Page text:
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Thursday, 22 August 2013

Review: Michael Landy's 'Saint Alive' at the National Gallery

As with most of my regular weekend gallery outings, I had made a plan to see one of London’s most popular exhibitions, in this case the National Gallery’s Vemeer and Music. On the way in, my trusty museum-hopping amigo E noticed the poster for ‘Saints Alive by Michael Landy’. ‘Is that on now?’ I asked incredulously. ‘I’ve never heard of it.’ ‘Oh yes I heard about this, it was recommended to me by someone at work.’ So after a quick tern around the decidedly mediocre Vemeer, we headed into the main building on the hunt for this mysterious exhibition that had apparently been on since May.

It wasn’t too hard to find. Walk in through the main doors and listen for the distant sounds of thumping and crashing. Queuing in the middle of one of the ornate gilded galleries, the crashing of metal on metal is not exactly what you expect to hear in these hallowed halls. But that’s exactly what ‘Saints Alive’ is all about.

Michael Landy has been working with the National Gallery as their artist in residence since 2009. In his time there, he became inspired by the imagery of the martyrs that runs as a theme across so many centuries of art. Specifically he was interested in the idea of them destroyed themselves to save others and lead them into salvation. So how do you get the average gallery visitor to respond with that kind of abstract concept? Well, you make it big, you make it noisy, you make it fun.

Landy’s ‘Saints’ are not the quiet passive figures of the paintings in the gallery- they tear at their faces, they hit themselves, they shudder and swing. Imagery from famous artworks is crossed with kinetic wheels and pulleys to create larger than life de-constructed statues of metal and fibre glass. At each sculpture, there is a foot-pedal which visitors stomp to animate the sculptures while the attendants look on armed with ear plugs against the clanging art works.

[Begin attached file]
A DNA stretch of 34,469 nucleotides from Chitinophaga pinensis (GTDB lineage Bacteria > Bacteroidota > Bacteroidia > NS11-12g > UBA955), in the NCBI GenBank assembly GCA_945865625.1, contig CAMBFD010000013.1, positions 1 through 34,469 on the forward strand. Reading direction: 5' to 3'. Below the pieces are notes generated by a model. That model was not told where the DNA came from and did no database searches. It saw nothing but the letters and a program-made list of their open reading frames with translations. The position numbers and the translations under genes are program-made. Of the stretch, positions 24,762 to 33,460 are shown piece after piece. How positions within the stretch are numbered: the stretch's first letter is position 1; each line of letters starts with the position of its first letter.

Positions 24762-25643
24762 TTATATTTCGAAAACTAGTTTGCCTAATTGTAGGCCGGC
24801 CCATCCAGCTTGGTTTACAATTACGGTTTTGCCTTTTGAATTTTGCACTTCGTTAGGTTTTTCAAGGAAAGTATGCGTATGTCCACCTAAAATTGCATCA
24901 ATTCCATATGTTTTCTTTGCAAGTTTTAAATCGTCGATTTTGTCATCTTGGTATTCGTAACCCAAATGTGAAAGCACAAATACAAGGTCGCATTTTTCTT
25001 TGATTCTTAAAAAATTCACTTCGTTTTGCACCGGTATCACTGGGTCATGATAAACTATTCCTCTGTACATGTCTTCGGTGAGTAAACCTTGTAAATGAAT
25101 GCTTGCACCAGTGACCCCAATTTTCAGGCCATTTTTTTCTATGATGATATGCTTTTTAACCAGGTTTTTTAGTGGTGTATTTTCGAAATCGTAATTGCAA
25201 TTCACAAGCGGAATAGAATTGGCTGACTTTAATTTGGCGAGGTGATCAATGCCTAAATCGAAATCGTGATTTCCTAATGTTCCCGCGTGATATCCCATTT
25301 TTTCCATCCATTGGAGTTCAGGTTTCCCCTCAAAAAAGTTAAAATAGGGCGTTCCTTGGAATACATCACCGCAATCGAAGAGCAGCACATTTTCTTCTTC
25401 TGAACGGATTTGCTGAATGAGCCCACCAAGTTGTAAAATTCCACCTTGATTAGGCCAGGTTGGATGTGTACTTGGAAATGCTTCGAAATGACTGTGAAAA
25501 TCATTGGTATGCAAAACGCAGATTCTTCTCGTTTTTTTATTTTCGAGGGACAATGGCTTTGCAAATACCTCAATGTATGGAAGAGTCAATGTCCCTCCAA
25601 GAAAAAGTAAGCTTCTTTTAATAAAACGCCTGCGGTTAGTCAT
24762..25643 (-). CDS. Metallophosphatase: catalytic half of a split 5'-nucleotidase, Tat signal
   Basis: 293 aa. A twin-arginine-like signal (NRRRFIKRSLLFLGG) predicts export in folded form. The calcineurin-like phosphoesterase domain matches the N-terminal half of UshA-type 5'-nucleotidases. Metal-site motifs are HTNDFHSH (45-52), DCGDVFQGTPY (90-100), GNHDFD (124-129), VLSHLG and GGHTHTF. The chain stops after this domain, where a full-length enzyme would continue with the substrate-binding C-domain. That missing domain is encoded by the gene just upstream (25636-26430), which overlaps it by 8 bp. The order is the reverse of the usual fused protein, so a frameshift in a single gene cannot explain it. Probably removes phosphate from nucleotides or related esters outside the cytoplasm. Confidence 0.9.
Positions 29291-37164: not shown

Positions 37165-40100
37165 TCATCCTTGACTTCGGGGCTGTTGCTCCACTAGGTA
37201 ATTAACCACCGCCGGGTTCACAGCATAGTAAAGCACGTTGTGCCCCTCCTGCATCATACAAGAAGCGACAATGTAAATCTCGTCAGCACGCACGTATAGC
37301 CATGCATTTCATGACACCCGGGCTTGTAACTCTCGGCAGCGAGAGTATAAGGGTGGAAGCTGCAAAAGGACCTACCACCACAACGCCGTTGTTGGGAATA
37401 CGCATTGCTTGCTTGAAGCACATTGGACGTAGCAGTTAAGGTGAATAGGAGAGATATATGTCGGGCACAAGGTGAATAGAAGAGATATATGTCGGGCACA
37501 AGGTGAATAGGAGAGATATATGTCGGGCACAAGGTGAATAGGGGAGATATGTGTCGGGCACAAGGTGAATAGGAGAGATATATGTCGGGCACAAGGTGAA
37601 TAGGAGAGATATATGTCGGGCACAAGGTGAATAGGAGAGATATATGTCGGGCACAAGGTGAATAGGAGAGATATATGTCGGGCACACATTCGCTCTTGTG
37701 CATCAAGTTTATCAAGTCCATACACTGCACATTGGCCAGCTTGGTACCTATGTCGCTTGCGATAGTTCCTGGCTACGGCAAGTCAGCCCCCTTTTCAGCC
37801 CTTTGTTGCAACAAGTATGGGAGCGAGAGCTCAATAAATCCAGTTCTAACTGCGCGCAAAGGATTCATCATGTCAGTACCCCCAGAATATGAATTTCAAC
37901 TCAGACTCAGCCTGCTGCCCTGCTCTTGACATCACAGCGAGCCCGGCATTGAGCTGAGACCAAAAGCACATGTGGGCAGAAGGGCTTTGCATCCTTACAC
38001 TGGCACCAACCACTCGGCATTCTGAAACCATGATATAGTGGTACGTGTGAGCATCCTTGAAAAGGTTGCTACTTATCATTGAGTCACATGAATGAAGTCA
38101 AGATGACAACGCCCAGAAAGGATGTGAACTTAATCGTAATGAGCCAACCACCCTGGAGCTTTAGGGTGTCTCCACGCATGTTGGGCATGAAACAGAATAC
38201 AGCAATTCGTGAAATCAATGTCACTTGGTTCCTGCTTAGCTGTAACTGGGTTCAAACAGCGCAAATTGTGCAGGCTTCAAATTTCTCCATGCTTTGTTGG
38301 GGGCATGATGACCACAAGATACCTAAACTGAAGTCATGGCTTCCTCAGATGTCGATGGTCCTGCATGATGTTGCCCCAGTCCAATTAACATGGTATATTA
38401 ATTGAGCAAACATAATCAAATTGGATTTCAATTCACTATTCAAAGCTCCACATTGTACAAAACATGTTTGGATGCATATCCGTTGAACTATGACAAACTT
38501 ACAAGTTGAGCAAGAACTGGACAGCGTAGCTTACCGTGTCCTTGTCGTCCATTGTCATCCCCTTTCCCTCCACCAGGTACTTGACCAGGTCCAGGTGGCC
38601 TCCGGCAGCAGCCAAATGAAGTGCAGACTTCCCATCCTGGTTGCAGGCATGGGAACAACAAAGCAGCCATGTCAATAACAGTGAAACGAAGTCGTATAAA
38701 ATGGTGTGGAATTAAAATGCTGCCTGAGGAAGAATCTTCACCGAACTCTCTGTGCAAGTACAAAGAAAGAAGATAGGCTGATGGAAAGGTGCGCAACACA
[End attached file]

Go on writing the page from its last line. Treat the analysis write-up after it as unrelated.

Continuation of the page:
There are so many levels you can enjoy the artworks on. Personally, I love the fact that the sculptures are literally destroying themselves. Now that the show has been open for so many months, the sculptures are scratched and tattered, which I think makes them even more interesting.

What’s really important here, aside from the fact that the art is fascinating, is that Landy has actually managed to pull of exactly what an artist in residence is meant to do: engage audiences in a new way with the collections. The artworks are accessible and funny: walking around the gallery no one is standing in quiet contemplation. People are giggling, smiling, stomping on the pedals and pointing as they notice new aspects. I particularly enjoyed St. Lucy’s disembodied eyes giggling wildly on their plate. Visitors are then invited to find the source paintings in the gallery and look at them in a new light.

So well done National Gallery and Michael Landy for such a fun, interesting, irreverent, noisy, challenging installation. I can only hope other nationals in London will take a cue from this! A little birdy tells the Ministry that the Science Museum is developing an exhibition on robots hopefully in the same vein mixing big questions and entertainment to think differently about our collections. More on that shortly…

'Saint's Alive' is a free exhibition at the National Gallery running until November 24th. 

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